Namibia has started to raise national awareness on the SDGs. A national launch of the domestication of the SDGs was held earlier this month on 8 June 2016. Efforts are also underway to learn from the MDGs; regional awareness campaigns are planned by Government to promote greater Namibian ownership of the SDGs alongside AU agenda 2063 and NDP 5. It is expected that through strengthening such ownership, the SDGs will be incorporated into national priorities and planning processes (e.g. the Harambee Prosperity Plan, NDP 5). The UN in Namibia is providing both technical and financial support to GRN.
What is your view on Namibia’s role in the implementation of the 17 Sustainable Development Goals that the United Nations adopted last year?
Namibia played a significant role in the Common African Position into the formulation of the SDGs. They continue to be active members on the international agenda in terms of rolling out the SDGs.
With the SDGs as the overall framework of the UN system, which goals, in your view, should Namibia prioritise?
It is hard to pick one goal over the other. They are interconnected by design. Perhaps it’s easier to talk of sequencing the SDGs rather than prioritising. For example, you cannot talk about eradicating poverty and reducing inequality (SDG 1 & 10) if you do not have a healthy population (SDG3) and children are not educated (SDG4), especially girls (SDG5). We are clear though that H.E., the President, has declared war on poverty, so poverty is a priority for Namibia
What do you see as the biggest challenge facing Namibia when it comes to development?
Water (and energy) are needed to grow the economy sustainably. Namibia, is one of the driest countries in Southern Africa, and is currently affected by drought, approximately 570 000 people are affected. In Namibia, rainfall often evaporates before it reaches the ground. (Only 1 percent of rainfall is available to recharge groundwater. Water shortages also impact the agricultural sector (harvests and livestock), which sustains about 70 percent of the Namibian population.
Do you find it frustrating to work in a country that has a very unequal society, despite it having an abundance of resources?
Not at all, given my professional background, it is a pleasure to serve in Namibia. From people I meet when I travel around the country, to your senior-most leadership, the conversation is always about what more we can do to accelerate development and eradicate poverty. And despite the challenges; there is no conflict, Namibia has a good record on governance, the economy is stable with growth averaging 4.6 percent over the last decade, there are good policies in place, including free primary and secondary education. The country has a recognized track record on eradicating poverty. If anything, I am excited at what Namibia can achieve.
What can Government do to distribute State resources more equitably?
Namibia is an upper middle-income country, one of eight in Africa. Since its independence in 1990, economic growth has been steady making high living standards possible for many. However, a large segment of the population has not yet been drawn fully into full participation in the economy, which is possibly one of the main reasons for poverty and inequality. With a Gini-coefficient (the agreed measure of inequality) of 0.597, Namibia is one of the most unequal countries in the world. Inequality is highest in urban than in rural areas (0.487). A number of other factors contribute to inequality: such as poverty, education, tax and, employment labour. Therefore, it would be important to focus on sectors where the majority of the excluded population can be found, that is, subsistence farmers, the old and disabled, the uneducated, etc.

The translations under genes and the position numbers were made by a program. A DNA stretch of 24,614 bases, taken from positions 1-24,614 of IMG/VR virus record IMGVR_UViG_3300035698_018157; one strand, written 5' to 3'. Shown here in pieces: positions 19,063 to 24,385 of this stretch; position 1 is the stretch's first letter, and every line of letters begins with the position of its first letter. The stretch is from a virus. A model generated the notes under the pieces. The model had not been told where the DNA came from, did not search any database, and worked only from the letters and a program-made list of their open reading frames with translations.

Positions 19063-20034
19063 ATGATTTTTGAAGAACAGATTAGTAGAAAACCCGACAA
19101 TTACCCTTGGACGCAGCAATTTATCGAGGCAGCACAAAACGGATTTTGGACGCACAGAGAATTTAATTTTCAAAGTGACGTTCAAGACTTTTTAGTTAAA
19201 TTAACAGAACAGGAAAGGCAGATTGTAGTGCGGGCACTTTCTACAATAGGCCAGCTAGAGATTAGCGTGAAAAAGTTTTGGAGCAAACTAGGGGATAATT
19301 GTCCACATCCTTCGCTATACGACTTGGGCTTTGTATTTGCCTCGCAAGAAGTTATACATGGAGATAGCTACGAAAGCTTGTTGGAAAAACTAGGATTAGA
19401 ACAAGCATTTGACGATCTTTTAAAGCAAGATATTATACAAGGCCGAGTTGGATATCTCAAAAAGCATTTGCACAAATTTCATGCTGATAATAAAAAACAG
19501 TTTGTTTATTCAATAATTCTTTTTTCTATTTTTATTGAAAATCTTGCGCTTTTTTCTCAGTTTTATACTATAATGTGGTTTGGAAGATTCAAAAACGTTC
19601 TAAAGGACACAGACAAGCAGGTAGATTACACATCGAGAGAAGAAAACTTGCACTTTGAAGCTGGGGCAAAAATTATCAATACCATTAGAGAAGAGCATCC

Other actions could include to strengthen and rationalise taxation, support growth that generates jobs, invest in people especially young people, and services such as quality education and health care. Nothing that is new. Perhaps a greater focus on implementation and coordination to increase efficiencies.Develop a robust and comprehensive social protection system that is targeted and with clear pathways to graduation to limit dependence.
What would be your recommendations for the Namibian Government to effectively fight poverty?
We know that countries that lifted their populations out of poverty did so primarily through economic growth. We also know that after a certain point, each dollar of GDP will provide less social progress. The way forward is to ensure that economic growth is sustainable, create jobs, and that robust social safety nets exist so people do not fall through the cracks. During the recent visit of Prof Stiglitz and Carlos Lopes (ECA) they gave good suggestions on what Namibia could do more of. They gave examples of countries that had renegotiated contracts with multinationals to generate additional resources; they suggested Namibia look for efficiencies in the tax system; they also talked about the need to focus on implementation and coordination; they stressed the importance of good data to provide the evidence for targeted action. They also suggested that Namibia look at the current grant system and how to make it more efficient.